Monitoring Running with Heart Rate

With the majority of runners using wearable technology like smartwatches, it’s worthwhile considering the use of a heart rate monitor when running. Survey results indicate that 88% of runners participating in road races use wearable technology.

Knowing the point where training turns to straining is important information. Yet, I find monitoring this point with a heart rate monitor can be inconsistent. For instance, during a run, the reading on my monitor can be so high that, if accurate, I’d be gasping for air rather than my current comfortable breathing pattern. When faced with a monitor being less than accurate, I just feel my pulse next to my trachea for six seconds and add a zero to the number of beats. This gives a fairly quick and accurate reading of my heart rate.

Despite this occasional inaccuracy, it’s very important for runners to know about establishing their Heart Rate Reserve and using heart rate information during training runs.

Establishing Heart Rate Reserve (HRR)
Exercise physiologists regard HRR as a more accurate means for endurance athletes to establish training intensities than the “220 - your age” formula, and without having to get it done in a lab.

HRR represents the number of truly available heartbeats between rest and maximum with this formula: maxHR - restingHR = HRR .

To establish maxHR, after a warmup, try running hard, straight up a hill for at least three minutes. Record your heart rate shortly thereafter every 15 seconds or so and wherever you max out is about right. Your maxHR will not likely increase with training over time.

To establish restingHR, take the average of your waking up heart rate for three mornings in a row, before you get up and about. Your resting heart rate will likely decrease with training over time and should be monitored on a monthly basis.

Example - Using this formula, for someone with a maxHR of 165 and a restingHR of 65, the HRR is 100 (165 - 65 = 100).

Establishing Training Zones
The percentage of HRR gives an indication of the type of physical response the runner can expect. Using the formula %HRR + restingHR = HR, the table below calculates the heart rate from 50 to 100% of HRR. For example, with an HRR of 100, at 60% of HRR, this runner's HR would be 125 (60 + 65 = 125 HR).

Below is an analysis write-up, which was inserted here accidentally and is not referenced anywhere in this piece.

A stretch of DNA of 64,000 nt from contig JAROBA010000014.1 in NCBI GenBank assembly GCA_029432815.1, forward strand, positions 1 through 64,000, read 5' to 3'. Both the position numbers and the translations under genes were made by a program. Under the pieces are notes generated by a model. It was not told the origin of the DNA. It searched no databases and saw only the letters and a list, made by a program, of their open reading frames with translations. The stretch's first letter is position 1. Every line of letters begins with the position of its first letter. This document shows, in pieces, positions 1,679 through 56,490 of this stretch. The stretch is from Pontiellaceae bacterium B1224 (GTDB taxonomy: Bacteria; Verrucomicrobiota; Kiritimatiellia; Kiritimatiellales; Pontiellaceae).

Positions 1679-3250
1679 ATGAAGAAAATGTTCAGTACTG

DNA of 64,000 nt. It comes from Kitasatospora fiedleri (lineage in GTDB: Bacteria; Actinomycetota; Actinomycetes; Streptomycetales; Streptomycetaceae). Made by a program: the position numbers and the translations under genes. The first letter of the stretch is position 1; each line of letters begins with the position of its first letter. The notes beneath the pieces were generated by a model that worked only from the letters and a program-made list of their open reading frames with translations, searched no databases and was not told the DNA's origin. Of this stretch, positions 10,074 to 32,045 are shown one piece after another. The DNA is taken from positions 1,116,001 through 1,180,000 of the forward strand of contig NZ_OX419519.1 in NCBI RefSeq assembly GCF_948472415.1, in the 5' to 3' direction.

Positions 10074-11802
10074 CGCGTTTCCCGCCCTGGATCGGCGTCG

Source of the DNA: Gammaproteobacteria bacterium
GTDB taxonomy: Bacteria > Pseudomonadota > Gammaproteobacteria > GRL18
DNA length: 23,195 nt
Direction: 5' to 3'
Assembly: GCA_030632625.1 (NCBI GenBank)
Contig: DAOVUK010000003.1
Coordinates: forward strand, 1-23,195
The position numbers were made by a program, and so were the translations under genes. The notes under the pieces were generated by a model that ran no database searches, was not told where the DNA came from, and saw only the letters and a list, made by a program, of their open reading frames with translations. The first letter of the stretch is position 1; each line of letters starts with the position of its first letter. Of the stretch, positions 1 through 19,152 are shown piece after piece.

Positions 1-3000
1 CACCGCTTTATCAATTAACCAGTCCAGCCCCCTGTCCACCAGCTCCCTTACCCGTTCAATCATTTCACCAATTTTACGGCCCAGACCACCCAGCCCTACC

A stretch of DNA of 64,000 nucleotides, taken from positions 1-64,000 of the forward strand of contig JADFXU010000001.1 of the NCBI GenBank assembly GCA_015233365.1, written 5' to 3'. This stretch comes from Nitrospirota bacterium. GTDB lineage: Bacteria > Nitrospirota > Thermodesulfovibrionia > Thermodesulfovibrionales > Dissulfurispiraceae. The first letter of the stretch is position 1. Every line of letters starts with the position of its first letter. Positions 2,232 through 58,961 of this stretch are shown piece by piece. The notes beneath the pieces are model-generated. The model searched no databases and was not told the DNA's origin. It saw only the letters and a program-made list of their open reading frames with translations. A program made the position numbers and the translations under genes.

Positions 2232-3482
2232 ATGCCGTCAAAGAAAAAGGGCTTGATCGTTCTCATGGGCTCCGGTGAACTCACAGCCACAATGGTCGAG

The green zone on this graph represents a couple of important physical responses: 1) Less than 60% of HRR represents a recovery run or perhaps a good cross-training session. This type of session helps the runner recover and get ready for their next quality run. And 2) 60 - 74% of HRR represents runs that build aerobic threshold; in which the runner is “putting money in the bank” for their future running / race performance. Runs at this intensity (if they’re not too long) are fairly easy to recover from for a similar run the next day. 

The yellow zone from 75 to 84% of HRR represents the runner’s “best aerobic effort” and lactate threshold; whereby, the runner is on the verge of going into oxygen debt and breathing hard. Runs at this intensity take some time to recover from and best to do one of these runs a week. 

The red zone is above 85% HRR represents anaerobic running, in which the runner is most likely in oxygen debt and breathing hard. With the anaerobic system being much more inefficient than the aerobic system, it's like the runner tries to pay off oxygen debt with their credit card, resulting in high energy cost, earlier fatigue, and longer recovery.

Knowing these training zones is useful to the runner. They can be used to establish different training goals over the week. For example, one day the goal may be to run in the yellow zone at one’s “best aerobic effort”, then the next day, the goal is to stay in the green zone with a recovery run at 55% of HRR. Knowing where other training data, like pace and perceived exertion, sits in relation to these zones is useful. For instance, if your heart rate is in the green zone on your run, yet your pace is quicker that day, this may be a sign of increased fitness. Also, knowing these zones helps on hilly routes. For example, uphill climbs can be monitored to make sure this section is in the same zone as other sections of the route.

Thanks for reading. If you know of another way to monitor running with heart rate, please share.


A reader on Facebook commented, "For those who don't have hills available or simply want something convenient and easily measurable, I recommend the YMCA step test. I use it quite regularly with my clients."

Experiment of One Coaching searched for this test and came across this article...

A use for this test is for the person just getting into running and wanting a gauge of where their cardiovascular fitness stands.